“The faculty are invested in presenting this forward-thinking approach and emphasizing the importance of research and ingenuity in our profession. Another great aspect of this program has been the support of the faculty from day one and the new-found family of fellow students,” he added. “The ‘we’re all in this together’ idea is prevalent and reassuring as we tackle the challenging coursework. I feel confident that I will continue to be stimulated, be exposed to a wealth of information and be fully ready for what comes after graduation.”
With the start of the fall semester, the Cal State Fullerton (CSUF), CSULB and Cal State L.A. (CSULA) schools of nursing began offering a joint DNP degree, using a consortium model of education. Twelve CSULB students are currently enrolled.
The DNP prepares practitioners to take the knowledge created by researchers and theoretical scholars and use it in the delivery of services and advancement of policies that support high-quality health care. The scholarship of the DNP prepared nurse focuses on integrating, applying and teaching their nursing knowledge.
In addition to developing advanced competencies in evidence-based practice, leadership, health policy and advocacy, graduates will develop in-depth skills in a focused area of nursing practice.
Lucy Huckabay, director of CSULB’s School of Nursing, said that offering the DNP degree via the CSU system makes affordable doctoral education accessible to more nurses who have their master’s degrees in nursing. She also expects the new program to have a positive influence in two specific areas.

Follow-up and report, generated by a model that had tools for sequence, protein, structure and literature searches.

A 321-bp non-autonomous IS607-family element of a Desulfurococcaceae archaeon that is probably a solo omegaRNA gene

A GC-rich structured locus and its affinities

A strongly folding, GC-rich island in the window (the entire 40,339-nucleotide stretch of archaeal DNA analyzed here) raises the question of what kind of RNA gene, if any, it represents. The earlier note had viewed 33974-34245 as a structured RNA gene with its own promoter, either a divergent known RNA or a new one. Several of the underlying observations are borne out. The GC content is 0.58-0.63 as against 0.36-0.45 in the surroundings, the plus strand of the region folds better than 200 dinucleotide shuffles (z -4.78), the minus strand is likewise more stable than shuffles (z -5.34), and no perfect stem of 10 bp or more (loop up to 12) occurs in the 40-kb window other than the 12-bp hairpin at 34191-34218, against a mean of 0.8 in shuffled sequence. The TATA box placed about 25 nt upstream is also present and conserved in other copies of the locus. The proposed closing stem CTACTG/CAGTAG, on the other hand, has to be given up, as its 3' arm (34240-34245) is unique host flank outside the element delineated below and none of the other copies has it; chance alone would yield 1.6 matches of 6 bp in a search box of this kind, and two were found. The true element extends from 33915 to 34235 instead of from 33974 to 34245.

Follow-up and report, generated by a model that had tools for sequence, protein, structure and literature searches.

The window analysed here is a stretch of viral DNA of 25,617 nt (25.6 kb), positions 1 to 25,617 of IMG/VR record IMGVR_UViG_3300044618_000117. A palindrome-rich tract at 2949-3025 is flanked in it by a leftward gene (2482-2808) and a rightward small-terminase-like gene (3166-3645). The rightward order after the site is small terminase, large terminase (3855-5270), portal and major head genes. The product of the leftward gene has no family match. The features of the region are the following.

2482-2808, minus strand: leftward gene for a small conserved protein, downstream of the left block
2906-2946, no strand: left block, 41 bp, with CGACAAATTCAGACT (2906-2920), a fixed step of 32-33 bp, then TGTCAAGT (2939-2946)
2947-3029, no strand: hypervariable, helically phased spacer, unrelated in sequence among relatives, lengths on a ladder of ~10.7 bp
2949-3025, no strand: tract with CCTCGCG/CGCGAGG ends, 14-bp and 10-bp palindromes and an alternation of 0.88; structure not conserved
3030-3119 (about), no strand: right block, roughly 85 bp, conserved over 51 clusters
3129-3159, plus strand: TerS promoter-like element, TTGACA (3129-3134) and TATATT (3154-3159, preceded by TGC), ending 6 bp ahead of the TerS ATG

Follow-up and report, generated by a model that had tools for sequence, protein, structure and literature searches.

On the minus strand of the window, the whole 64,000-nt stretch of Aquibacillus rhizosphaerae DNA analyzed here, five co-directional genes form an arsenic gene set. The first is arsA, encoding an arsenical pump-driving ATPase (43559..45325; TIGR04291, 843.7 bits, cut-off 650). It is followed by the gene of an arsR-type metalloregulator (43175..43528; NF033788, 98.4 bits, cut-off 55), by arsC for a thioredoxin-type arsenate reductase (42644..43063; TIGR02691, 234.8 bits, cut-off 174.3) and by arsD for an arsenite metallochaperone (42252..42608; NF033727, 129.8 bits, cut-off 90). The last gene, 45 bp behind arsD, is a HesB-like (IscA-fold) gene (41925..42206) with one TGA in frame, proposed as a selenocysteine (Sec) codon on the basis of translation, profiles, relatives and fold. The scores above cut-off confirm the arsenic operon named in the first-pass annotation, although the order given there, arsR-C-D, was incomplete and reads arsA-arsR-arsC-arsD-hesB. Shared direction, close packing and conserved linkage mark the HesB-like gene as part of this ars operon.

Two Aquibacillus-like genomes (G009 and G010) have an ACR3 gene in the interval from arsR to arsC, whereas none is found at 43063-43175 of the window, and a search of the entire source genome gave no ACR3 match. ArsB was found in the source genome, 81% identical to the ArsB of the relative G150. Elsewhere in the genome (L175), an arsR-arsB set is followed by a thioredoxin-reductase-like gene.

“The DNP prepared nurses are primarily interested in the patient care aspect of nursing and not necessarily in conducting pure research,” Huckabay explained. “More specifically, DNP education enables the nurses to advance their clinical expertise in the application of evidence-based practice to improve patient care in a specialized field of practice. They can conduct applied research that has an immediate direct positive impact on patient care.
“Additionally, the DNP-prepared nurses will qualify to assume nursing faculty positions in schools of nursing,” she added. “All across California and the nation, one of the primary reasons for turning away qualified applicants to nursing schools is the lack of qualified nursing faculty. DNP prepared nurses can fill the faculty shortage gap.”
Huckabay also noted that one of the other advantages of the CSU DNP program is that nurse administrators also can enroll in the program and do their directed project on system-related research to improve patient care outcomes and to reduce health care costs.
Faculty from all three campuses have developed the DNP curriculum and will be involved in teaching courses and in working with students completing their doctoral projects. As a joint program, all schools of nursing have brought expertise to the development of the program and will serve as the specialty faculty for various courses. The plan is that a synergy of ideas and approaches from faculty’s varied areas of nursing expertise will enrich the learning and experiences of the DNP students.
CSUF is the designated administrative campus of enrollment, and each student has a designated home campus–CSUF, CSULB or CSULA. Faculty from each of these campuses will guide their respective students during completion of their doctoral project. There is a full cohort of 36 full-time this fall who are scheduled to take 36 units and over five semesters.